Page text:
Alexander Kluge - Aphoristic, anecdotal, not-quite-fictional cinematic "stories"; commentary on love, war, the Devil and the cosmos - the devil as an unlikely ally of enlightenment; how to reproduce at new sites a caricature of a classic and fascistic feudal capitalism
Alexander Kluge, The Devil's Blind Spot, Trans. by Martin Chalmers and Michael Hulse, New Directions, 2007.
"At once a genuine story-teller and a literary documentarian, Alexander Kluge's genius lies in the very special way he makes found material his own. Each of the miniatures collected here touches on "facts" and is only several pages long. In just a paragraph he can etch a whole world: he is as great a master of compression as Kafka or Kawabata.
Arranged in five chapters, the dozens of stories of The Devil's Blind Spot are condensed, like novels in pill form. The first group of stories illustrates the little-known virtues of the Devil. The second explores love from Kant and opera through the Grand Guignol. The third is entitled "Sarajevo Is Everywhere" and tests how convincing power is. The fourth group concerns the cosmos, and the fifth ranges all our "knowledge" against our feelings. In each piece, Kluge alights on precise particulars: on board the atomic submarine Kursk, for instance, we are marched precisely step by step through a black comedy of the exact, disastrous stages of thinking that lead to catastrophe. Sample titles include "The Devil in the White House," "The Development of Iraq as a Case for the Files," "Intelligence of the Second Degree," and "Love's Mouth Also Kisses the Dog."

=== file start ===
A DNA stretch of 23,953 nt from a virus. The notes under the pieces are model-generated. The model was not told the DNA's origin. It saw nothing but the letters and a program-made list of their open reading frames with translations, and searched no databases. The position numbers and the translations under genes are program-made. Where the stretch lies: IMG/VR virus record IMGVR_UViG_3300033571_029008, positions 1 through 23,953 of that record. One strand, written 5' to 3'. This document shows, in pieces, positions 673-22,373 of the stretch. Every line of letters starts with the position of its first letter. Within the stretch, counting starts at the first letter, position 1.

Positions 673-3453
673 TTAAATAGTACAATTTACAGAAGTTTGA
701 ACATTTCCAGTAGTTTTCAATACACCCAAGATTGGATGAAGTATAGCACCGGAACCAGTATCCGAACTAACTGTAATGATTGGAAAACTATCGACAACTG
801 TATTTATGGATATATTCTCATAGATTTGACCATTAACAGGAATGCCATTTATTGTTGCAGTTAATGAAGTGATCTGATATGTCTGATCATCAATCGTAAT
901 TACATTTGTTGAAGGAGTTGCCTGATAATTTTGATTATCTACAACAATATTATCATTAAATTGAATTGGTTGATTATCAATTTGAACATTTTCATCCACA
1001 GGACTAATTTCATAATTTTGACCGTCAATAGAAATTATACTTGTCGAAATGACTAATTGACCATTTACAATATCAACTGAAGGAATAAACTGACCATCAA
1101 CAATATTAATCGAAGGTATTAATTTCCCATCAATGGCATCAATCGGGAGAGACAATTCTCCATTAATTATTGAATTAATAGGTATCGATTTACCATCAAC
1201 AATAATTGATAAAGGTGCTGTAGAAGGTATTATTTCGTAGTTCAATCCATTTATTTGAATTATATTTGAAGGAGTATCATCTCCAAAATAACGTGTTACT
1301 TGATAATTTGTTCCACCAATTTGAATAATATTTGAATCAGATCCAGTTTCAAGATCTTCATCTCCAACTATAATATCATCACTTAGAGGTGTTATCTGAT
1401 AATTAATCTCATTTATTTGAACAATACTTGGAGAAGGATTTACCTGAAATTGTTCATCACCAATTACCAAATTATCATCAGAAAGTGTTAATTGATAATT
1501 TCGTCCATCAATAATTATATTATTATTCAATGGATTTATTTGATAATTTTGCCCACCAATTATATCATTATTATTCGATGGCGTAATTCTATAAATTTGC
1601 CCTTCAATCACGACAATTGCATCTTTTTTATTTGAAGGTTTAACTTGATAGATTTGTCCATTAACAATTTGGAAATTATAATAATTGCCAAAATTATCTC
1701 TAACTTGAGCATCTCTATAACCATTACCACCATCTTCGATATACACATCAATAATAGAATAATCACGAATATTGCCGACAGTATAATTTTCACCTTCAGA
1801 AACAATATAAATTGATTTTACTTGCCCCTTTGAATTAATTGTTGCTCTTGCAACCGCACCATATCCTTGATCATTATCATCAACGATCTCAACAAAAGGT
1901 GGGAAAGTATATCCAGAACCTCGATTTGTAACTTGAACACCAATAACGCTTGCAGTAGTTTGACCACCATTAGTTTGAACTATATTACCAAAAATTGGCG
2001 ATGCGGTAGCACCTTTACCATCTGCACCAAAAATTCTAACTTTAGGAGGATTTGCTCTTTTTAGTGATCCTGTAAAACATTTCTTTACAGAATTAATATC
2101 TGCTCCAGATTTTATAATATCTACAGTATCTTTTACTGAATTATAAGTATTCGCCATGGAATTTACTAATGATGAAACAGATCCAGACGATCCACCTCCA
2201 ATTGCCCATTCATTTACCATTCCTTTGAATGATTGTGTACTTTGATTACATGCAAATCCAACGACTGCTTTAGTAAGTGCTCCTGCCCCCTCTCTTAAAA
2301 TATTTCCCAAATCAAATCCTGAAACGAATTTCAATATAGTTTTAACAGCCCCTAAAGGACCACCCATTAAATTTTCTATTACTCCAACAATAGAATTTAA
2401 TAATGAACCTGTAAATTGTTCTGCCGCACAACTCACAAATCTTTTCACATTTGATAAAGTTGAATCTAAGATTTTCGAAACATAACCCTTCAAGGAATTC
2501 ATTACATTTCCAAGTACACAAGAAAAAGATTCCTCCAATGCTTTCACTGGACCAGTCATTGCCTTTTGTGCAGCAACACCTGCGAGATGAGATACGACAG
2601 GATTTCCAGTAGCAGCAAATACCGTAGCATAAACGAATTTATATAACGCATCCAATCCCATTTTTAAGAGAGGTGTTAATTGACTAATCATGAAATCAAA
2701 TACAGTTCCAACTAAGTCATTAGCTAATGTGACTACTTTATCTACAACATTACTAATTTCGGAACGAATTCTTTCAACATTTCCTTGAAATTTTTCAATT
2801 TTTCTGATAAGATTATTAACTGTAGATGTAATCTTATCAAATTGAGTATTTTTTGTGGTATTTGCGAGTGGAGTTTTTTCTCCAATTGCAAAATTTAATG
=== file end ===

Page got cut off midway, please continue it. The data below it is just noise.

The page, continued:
"Alexander Kluge, that most enlightened of writers." - W.G. Sebald
"Funny, scary, ironical, inspired, wild, and worth every moment of your time." - Ignacio Schwartz
"More than a few of Kluge's many books are essential, brilliant achievements. None are without great interest." - Susan Sontag
"Smart, entertaining, and challenging... these stories are fascinating for the risks they take, and dazzling when they succeed." - Philip Herter
"In a work that intentionally defies categorization, the elderly German polymath Kluge, a film director as well as writer, offers commentary on love, war, the Devil and the cosmos, from the stars to the oceans, using myth, fables, the historical record and invented dialogues.
Guided in spirit by Kant, Walter Benjamin, and Adorno, Kluge (The Battle, 1967, etc.) has assembled dozens of little essays and anecdotes, the idea being to stimulate the reader through unexpected perspectives. Thus Kluge looks at the sad life of Christina Onassis and sees a person who has attained maturity in the Kantian sense; then Kluge broadens the picture to show Soviet interest in its shipping fleet, and the way the heiress becomes a pawn of geopolitics; inserted into the narrative are thoughts on another victim, the Queen of Carthage. Why? “History moves in waves... narratives that are not causally connected may still be related.” Kluge amplifies his point by turning to Sarajevo 1914 and the First Gulf War, reaching the startling conclusion that the only antidote to Sarajevo (shorthand for a world-war trigger) is for a nation to protect its own worst enemy. Elsewhere, he indulges in the puckish notion that the Devil has been spotted in a White House group photo by German Intelligence: Read this as a catcall from “old Europe.” A section on homecomings after WWII is backlit by the world’s most famous homecoming, that of Odysseus; the Chernobyl rescue operation brings to mind a poem by Schiller. Kluge’s accounts of military planners supping with the Devil are mostly on target, whether it’s a Pentagon “adventurer” trying to harness the spiritual powers of a rabbi or the Nazis’ search for a “primitive warrior type.” Still, a longish section on 9/11 fails to get a fix on the catastrophe.